The economic forecasts produced prior to the Brexit referendum on the consequences of a Leave vote not only represented an almost uniform consensus. They have also turned out – perhaps remarkably – to be broadly right. The UK economy over the past two and half years has suffered subdued growth, with output now some 2-3 per cent below where it would otherwise have been. No serious expert forecast either a boom or bust depending on the Vote outcome.
There’s an irony here. Even as economists agreed, and were right, they have been widely dismissed as “pseudo-scientists” who cannot model cause and effect – or worse still people whose views have been affected by their prior political or personal values. If this were not bad enough, the general public consensus is that the economists simply got it wrong because the economy did not suffer a recession after the Vote. This dominant rhetoric of incorrect or biased economic forecasts has been very helpful to those wishing to downplay the negative consequences for the economy of exit from the European Union, and has allowed more momentum to develop for a No Deal exit than would otherwise have been the case. The emergent rhetoric in this case actually matters.
Although the economic analysis has been clear and consistent, it does bear repeating. The negative impact on the economy prior to exit is almost entirely related to uncertainty, which takes a number of forms: in terms of the type of exit, when we exit and indeed whether we exit. We also do not know what how our trading relationships for goods and services, as well as capital and labour, will evolve with respect to the rest of the world on exit. So even if the first set of uncertainties are resolved in some manner in the first quarter of next year, the second set of uncertainties could still bear down on activity that depends on forward-looking plans. Such uncertainty has already depressed domestic investment and probably impacted on inward FDI, and so to some extent seems likely to continue to do so.
When we move to the actual exit, it will inevitably depress activity compared to the case in which the UK remains in the EU. The greater the disruption to the trade, the greater the negative long run impact; it also has a differential regional impact, and will be strongest will be strongest for regions producing goods that our European partners are also able provide, now at lower costs. The economy has already started to adjust to a lower level than it would otherwise have been at, and after Brexit will continue to do so.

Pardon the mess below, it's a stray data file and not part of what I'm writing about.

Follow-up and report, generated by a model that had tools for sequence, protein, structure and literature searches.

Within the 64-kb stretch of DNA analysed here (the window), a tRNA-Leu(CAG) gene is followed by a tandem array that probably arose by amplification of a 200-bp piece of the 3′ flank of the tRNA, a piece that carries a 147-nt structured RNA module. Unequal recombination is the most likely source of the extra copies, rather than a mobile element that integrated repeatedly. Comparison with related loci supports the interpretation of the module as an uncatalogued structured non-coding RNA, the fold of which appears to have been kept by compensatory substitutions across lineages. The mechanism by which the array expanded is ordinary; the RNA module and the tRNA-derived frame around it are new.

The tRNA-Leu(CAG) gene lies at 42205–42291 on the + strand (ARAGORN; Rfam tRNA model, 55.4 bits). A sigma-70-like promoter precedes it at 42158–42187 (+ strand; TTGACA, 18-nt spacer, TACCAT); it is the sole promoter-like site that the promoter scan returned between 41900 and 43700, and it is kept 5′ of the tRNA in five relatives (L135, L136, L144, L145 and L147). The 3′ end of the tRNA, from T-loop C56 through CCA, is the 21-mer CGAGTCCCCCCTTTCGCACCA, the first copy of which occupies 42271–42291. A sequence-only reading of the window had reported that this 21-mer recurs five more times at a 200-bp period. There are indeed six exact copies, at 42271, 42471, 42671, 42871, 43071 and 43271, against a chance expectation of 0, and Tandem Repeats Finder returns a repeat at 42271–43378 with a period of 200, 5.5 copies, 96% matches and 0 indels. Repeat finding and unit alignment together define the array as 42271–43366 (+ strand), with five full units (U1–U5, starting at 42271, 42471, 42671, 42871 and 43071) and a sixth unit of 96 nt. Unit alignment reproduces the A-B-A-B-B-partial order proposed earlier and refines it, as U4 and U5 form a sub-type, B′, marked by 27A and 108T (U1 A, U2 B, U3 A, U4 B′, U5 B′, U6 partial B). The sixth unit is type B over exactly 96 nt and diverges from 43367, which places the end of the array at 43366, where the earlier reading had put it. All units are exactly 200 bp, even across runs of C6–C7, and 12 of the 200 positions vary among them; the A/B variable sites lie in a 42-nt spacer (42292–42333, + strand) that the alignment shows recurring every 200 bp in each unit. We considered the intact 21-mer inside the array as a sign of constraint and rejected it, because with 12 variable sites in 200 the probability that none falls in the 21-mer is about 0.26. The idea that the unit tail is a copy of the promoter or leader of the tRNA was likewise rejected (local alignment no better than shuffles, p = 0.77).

The most likely exit is still one on terms that will introduce limited frictions, and so will continue to subdue economic activity below where it would otherwise be. And because the impact is likely to affect both the demand and supply side, it does not create a prima facie case for more accommodative monetary policy.
During the exit process, were the annual rate of increase in real wages were to remain at 1 per cent a year, it is not really sufficient to leave the average household feeling that much better off. The recent buoyancy in consumption has been accompanied by a dwindling savings ratio, and increase in unsecured debt. Overall household debt at some 125 per cent of GDP suggests that households have been maintaining consumption levels by borrowing from a richer future: even if that arrives, one should expect households to pay off some debt rather than increase consumption. As ever, the fundamental key to wealth and feeling significantly better off is a sustained improvement in labour productivity – but trade compression is unlikely to help improve productivity performance.
So what explains this disconnect between popular, perhaps even populist, narratives on the impact of EU exit from the central case presented by all serious-minded economic analysis? There are a number of possible answers. First, that the rhetoric on the pre-referendum analysis was dominated by extreme views on either side promising a famine or a feast: there simply may not be much room for careful and nuanced analysis in the middle of a political campaign.
Second, the forward-looking analysis of the exit consequences did not consider the actual effects of deepening trade in goods, services, capital and labour on the British economy. These may have been good on average – particularly prior to the financial crisis – but were particularly problematic for certain regions and sections of the population.
Thirdly, there has been insufficient explanation of the global, and in this case, European linkages that play a critical role in the production of goods and services but also form strategic beachheads for world-leading firms. It is quite possible that those linkages can be recast – but having set on a path of European-oriented production, arguably since 1961, some of these links have become hardwired into our drive for economic prosperity.
But I suspect there is an even deeper reason why economic rhetoric has failed. The privations of the public have not been adequately addressed by economic policy in the decade or so since the financial crisis. The loss of economic leadership, as our long term bets on the financial system have not quite paid off across the country, has meant that people have not managed to get the lives that they expected to have. There is a sense of a stalled generation.
Whether economists get it right or wrong, by luck or by judgement, the ultimate test of credibility depends on being able to deliver sustained increases in economic well-being for households. Until that is achieved, there will continue to be a large question-mark over economic science.
Jagjit S. Chadha is director of the National Institute of Economic and Social Research.